The story of shipping in New England, in fact Australian maritime history in general, has always been poorly taught and today is largely relegated to isolated displays in local museums. This makes it easy to forget just how central it was to New England life, especially in coastal regions, until quite recently.
It was not just the ships and those who sailed on them. It was also all those who built them, financed them and serviced them. Each New England river valley had its own ship building industry, in total building hundreds of ships and river boats during the colonial period.
The road transport story is similar in some ways to shipping, yet different.
Today we think of roads in terms of arteries along which people and goods travel. That was true in the past, yet roads in colonial New England were also centres of economic and industrial activity in a way that is, I think, not true today.
Horse or bullock travel required people in a way that is not true of modern transport.
At Tenterfield, for example, over 500 teams were engaged in carrying freight between Tenterfield and the coast ports just prior to the railway connection. Then people were required to grow the oats to help feed the animals, providing a significant market for local farming activities. People were also required to make or repair equipment and own and staff the myriad of inns and posting houses located along main transport routes.
All this made for a much more dispersed population than we see today in rural New England. It also helped create images of landscape and life that linger still.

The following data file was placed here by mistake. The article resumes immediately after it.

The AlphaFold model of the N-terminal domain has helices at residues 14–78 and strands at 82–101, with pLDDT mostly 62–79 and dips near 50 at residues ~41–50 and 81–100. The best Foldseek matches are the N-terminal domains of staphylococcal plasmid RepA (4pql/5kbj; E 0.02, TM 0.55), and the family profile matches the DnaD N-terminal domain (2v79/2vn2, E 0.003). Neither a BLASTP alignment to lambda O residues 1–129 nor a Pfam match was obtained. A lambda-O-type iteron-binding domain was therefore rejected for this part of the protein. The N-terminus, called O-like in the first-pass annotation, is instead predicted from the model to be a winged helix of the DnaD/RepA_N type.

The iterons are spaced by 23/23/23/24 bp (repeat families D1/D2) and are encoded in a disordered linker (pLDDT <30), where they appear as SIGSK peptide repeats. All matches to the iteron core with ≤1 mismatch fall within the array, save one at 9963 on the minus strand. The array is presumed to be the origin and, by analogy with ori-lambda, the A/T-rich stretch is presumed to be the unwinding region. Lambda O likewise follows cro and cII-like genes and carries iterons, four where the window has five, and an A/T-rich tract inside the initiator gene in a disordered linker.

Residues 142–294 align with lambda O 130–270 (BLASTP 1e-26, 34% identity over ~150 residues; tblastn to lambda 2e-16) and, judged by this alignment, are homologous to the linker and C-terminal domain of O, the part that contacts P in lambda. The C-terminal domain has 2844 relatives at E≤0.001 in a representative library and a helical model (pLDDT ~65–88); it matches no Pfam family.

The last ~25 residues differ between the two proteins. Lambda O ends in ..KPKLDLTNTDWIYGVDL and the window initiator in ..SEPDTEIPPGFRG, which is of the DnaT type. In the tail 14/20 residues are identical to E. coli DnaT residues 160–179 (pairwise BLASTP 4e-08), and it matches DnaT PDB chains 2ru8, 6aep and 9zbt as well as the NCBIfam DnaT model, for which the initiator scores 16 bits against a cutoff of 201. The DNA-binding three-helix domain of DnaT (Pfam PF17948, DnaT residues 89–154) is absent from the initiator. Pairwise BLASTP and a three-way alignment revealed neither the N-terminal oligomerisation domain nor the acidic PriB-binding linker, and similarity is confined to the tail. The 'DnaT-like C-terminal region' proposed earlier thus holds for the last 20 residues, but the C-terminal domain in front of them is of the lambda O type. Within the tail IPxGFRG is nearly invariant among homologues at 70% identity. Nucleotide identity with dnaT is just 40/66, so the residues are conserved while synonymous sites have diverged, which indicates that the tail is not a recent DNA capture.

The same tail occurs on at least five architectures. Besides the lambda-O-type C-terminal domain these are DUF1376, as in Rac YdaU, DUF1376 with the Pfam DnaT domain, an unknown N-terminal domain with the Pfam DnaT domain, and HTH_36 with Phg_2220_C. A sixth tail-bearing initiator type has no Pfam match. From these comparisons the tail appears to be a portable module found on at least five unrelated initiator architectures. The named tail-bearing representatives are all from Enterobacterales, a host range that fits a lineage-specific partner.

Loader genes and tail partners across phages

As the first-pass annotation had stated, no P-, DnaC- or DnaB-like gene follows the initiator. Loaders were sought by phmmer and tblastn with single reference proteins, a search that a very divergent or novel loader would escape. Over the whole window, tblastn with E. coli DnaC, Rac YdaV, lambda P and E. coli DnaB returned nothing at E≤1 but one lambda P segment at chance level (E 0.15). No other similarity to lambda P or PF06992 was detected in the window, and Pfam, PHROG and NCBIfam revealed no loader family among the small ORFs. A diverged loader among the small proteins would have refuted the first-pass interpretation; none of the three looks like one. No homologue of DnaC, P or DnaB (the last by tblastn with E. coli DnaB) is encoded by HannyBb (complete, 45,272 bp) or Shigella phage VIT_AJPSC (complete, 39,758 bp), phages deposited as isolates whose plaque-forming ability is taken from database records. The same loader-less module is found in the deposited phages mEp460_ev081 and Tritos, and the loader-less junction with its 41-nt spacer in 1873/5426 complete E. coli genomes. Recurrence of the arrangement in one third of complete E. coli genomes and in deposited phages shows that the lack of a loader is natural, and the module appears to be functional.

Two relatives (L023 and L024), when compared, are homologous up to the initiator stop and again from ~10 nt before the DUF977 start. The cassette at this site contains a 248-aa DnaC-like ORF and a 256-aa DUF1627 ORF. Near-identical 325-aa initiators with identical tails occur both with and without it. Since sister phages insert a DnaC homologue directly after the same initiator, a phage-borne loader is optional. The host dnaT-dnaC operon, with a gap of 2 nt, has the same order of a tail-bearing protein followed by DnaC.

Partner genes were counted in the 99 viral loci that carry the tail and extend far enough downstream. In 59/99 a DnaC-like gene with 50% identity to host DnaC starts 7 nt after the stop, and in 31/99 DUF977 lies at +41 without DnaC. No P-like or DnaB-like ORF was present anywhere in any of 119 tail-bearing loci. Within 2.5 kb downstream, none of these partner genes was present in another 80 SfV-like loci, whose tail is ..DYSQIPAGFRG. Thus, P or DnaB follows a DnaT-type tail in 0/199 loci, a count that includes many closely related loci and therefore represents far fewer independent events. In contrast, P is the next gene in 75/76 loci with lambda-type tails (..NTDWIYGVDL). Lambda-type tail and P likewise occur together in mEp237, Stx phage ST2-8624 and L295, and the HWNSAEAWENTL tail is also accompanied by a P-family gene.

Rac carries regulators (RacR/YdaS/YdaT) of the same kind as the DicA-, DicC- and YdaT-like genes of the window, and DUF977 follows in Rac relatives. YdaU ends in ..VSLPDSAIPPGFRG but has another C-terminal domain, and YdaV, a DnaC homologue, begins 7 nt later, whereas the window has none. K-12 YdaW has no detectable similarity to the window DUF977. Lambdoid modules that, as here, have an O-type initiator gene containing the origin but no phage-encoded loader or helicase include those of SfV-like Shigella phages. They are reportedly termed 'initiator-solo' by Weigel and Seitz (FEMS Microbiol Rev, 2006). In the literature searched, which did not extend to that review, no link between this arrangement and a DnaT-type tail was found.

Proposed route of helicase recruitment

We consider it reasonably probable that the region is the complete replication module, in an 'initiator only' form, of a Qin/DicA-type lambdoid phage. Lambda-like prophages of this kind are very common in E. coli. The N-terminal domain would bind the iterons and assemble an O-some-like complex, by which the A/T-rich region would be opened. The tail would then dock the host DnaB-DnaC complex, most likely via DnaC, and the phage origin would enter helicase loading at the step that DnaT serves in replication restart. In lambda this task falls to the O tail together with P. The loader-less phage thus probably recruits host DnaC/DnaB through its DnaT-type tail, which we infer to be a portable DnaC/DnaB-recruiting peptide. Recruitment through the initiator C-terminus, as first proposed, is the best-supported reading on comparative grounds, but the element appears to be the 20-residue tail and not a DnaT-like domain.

Rail transport was different again.
The first New England railways serviced the coal mines. Then came the slow growth northwards of the Great Northern Railway. This, one of the great Australian engineering feats of the nineteenth century, is largely forgotten today. Yet it was the main rail line between Sydney and Brisbane until the 1960s. Spur lines sprang from the main line, opening up new areas especially for wheat farming.
Water, road and rail transport came together in a complex mix.
The growth of rail brought cheaper goods, but this destroyed many small local industries. Rail competed against water transport, a competition aided by differential rail freight rates intended to attract traffic from water transport.
Initially, and for a very brief period, this benefitted Newcastle, creating what Lazlo called an economic commonwealth centred on that city. But then the line between Sydney and Newcastle finally opened. With freight rates on the new stretch between those cities effectively set at zero for some products in order to attract freight to Sydney, Newcastle trade collapsed in the face of Sydney competition.
In the face of competition from the north-south rail connections, New England coastal shipping and merchantile interests combined with inland merchants and primary producers to try to create better east-west links. These moves failed. The first tarred east-west road would not come until the 1960s. East-west rail lines remain a dream.
The attempts to create better east-west links and the reactions to the constant failures to do so form an enduring theme in New England history and politics, fueling resentment against the Sydney Government.
As with many other elements in New England history, there is plenty of scope for localisation in the transport area.
On the coast I feel that there are enormous possibilities to bring the romance and danger of coastal shipping alive in ways that will not only tell people about their own areas, but also instill a love of history as a discipline.
Inland students would also find the shipping story interesting, including the links with their own areas. However, they are more likely to focus on road or rail where historical artefacts are more readily available.
Colonial Period - Towns, Time, Politics and Society